Monday, May 26, 2014

Shear Joy

At which repetition does a novelty wear off? Our fourth year of shearing on May 3rd had a little feeling of "been there, done that" pervade the activity. There was no trip in a cargo van , no shear team coming to our farm with us seeing the process the first time, no first shave of a cria. And there is a growing mountain of alpaca fleece piling up... Nonetheless, the animals were happy to be a little cooler without a big winter coat on.

Dark Star and Leven look fresh and glossy, post shearing. They enjoyed prancing around the pasture eating hay (!) while the ladies were being shorn.

 Yesterday we moved the fence panels so that part of the pasture can recover. We accidentally allowed the alpacas to over-eat one section. First accomplishments: the obligatory rolling, nap time, and lazy eating while laying down.

 While watering the new grass seeds, I noticed that Greta (back) was very interested in the hose. I took it up to the fence, and she could not get enough to drink! Bella, the bossiest micro-manager of all time (front), had to investigate as well. She preferred getting her face soaked to actually drinking. She kept getting water up her nose and sneezing. She may be the ring leader, but she is not intelligent...

Here's to new joyful experiences amidst the well-worn traditions! For the sake of tradition, I shall add that this is CERTAINLY the year to process alpaca fleeces. Right?!

Sunday, May 25, 2014

So Maybe I Cheated A Little

This Spring no time materialized to throw lettuce seeds in the ground, water them consistently, and keep them covered in times of frostiness. Just taking care of me properly was a struggle due to time constraints. 

So when I saw starts of butter crunch lettuce, spinach, broccoli, and romaine at Rural King over Spring Break, I couldn't resist the purchase. 

Eating a giant home grown salad several times a week is one of life's greatest pleasures. So glad we didn't have to wait over a month for everything to grow to edible size.

 The woodland rabbits are already raising their second or third brood, so I am keeping the greens covered with an old netting screen, hoping they won't find the gaping holes... The butterflies that favor broccoli have also stayed away so far. Look at those healthy leaves!

I decided to try several varieties of potato this summer: Russet (they were from the supermarket and sprouting in my cabinet), Yukon Gold, red-skinned potatoes, and Midnight Moon which is blue. The potatoes were started properly - no cheating with pre-raised plants!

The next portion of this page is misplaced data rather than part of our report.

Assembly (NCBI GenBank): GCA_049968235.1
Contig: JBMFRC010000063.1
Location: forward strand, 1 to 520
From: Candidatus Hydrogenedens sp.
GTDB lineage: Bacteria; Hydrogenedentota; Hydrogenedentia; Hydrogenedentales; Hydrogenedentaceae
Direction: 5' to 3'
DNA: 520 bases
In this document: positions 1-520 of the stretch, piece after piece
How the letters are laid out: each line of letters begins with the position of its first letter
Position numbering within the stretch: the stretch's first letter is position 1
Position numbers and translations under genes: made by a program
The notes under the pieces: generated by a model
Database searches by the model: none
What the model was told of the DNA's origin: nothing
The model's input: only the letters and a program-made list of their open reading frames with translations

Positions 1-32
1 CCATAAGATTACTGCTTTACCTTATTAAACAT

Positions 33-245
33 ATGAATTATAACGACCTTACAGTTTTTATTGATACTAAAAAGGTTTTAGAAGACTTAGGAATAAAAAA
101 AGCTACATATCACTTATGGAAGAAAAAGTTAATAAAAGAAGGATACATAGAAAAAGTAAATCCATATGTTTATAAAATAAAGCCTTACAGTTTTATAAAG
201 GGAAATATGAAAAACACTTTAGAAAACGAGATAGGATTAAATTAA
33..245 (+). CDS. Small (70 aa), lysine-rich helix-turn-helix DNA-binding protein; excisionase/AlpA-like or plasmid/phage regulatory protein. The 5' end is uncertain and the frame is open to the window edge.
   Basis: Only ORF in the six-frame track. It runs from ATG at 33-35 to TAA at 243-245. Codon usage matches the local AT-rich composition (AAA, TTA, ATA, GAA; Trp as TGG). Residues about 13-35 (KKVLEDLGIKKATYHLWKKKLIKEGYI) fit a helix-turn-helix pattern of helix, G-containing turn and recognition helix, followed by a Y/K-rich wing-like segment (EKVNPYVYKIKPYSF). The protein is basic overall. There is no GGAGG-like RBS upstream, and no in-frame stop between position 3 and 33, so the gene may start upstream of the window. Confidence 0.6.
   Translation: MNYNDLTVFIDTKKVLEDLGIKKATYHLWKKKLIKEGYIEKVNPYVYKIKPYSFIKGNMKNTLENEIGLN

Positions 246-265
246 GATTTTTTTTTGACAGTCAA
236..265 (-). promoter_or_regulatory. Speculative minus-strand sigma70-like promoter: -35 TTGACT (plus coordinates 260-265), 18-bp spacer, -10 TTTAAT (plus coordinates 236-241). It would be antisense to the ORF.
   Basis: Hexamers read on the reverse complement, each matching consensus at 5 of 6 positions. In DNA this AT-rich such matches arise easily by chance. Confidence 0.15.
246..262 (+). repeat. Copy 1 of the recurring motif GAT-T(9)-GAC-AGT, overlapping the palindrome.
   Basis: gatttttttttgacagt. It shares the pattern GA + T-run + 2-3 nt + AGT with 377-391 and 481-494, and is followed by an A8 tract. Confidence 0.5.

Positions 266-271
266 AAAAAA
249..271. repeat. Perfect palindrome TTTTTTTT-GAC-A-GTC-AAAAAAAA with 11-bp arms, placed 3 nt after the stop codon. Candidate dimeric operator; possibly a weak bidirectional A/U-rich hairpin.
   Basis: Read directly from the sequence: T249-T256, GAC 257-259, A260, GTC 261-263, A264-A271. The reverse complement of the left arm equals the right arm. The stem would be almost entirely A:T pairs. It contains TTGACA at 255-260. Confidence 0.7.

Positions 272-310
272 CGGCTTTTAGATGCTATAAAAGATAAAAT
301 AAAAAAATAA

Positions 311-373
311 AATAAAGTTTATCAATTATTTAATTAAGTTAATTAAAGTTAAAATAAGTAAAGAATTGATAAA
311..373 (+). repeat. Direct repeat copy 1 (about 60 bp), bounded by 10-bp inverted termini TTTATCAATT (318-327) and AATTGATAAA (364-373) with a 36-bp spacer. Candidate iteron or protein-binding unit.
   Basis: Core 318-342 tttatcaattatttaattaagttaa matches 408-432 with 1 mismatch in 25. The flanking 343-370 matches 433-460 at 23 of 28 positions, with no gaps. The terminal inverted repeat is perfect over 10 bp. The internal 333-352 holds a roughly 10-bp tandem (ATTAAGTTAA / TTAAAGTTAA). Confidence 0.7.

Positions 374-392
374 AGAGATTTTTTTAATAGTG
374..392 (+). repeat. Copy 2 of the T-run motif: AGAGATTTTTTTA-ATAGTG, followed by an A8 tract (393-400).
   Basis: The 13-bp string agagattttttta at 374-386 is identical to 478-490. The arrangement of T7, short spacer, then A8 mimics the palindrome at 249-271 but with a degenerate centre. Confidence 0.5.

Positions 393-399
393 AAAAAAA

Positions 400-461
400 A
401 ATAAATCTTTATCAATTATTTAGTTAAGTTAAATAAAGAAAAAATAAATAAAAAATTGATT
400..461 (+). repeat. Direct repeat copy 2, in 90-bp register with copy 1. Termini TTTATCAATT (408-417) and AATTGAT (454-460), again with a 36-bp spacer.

I kept the strawberries under a winter garden cloth all winter and most of spring until about a week ago. Perhaps this is one reason the berries are ready a few weeks early! 

Another screen keeps the birds off the berries. The moldy and bug-eaten berries are greedily accepted by the chickens. (Ooops, I didn't mean to talk about poultry again... Maybe I should change the blog name to reflect my obsession...)

One and one half pounds of strawberries harvested on Friday night! They did not exist for more than a few hours on the kitchen counter. Hoping for a new batch tomorrow!

Enjoy what is left of your three-day weekend! Summer has arrived, and I am ready!

Saturday, May 24, 2014

Cheep, cheep!

Look at the time... the end of May already! Several posts are missing from this last month,  so hopefully this weekend will be a great time to catch up. Let's start with knitting...

Eleven eggs, two nests, and two chicks!

 Over Spring Break I became obsessed with knit eggs, which then eventually led to nests and then little chicks.

 Originally there were grand delusional plans of sending a nest filled with eggs and a chick to all nieces and nephews under a certain age. In the end, I enjoyed playing with my table decorations more than a lot...

Have you noticed that the last four posts have been all about chickens or eggs??!

Perhaps tomorrow we can focus on alpacas, gardening, yarn, etc., without slipping another poultry-related post into the mix. Ba-GAWK!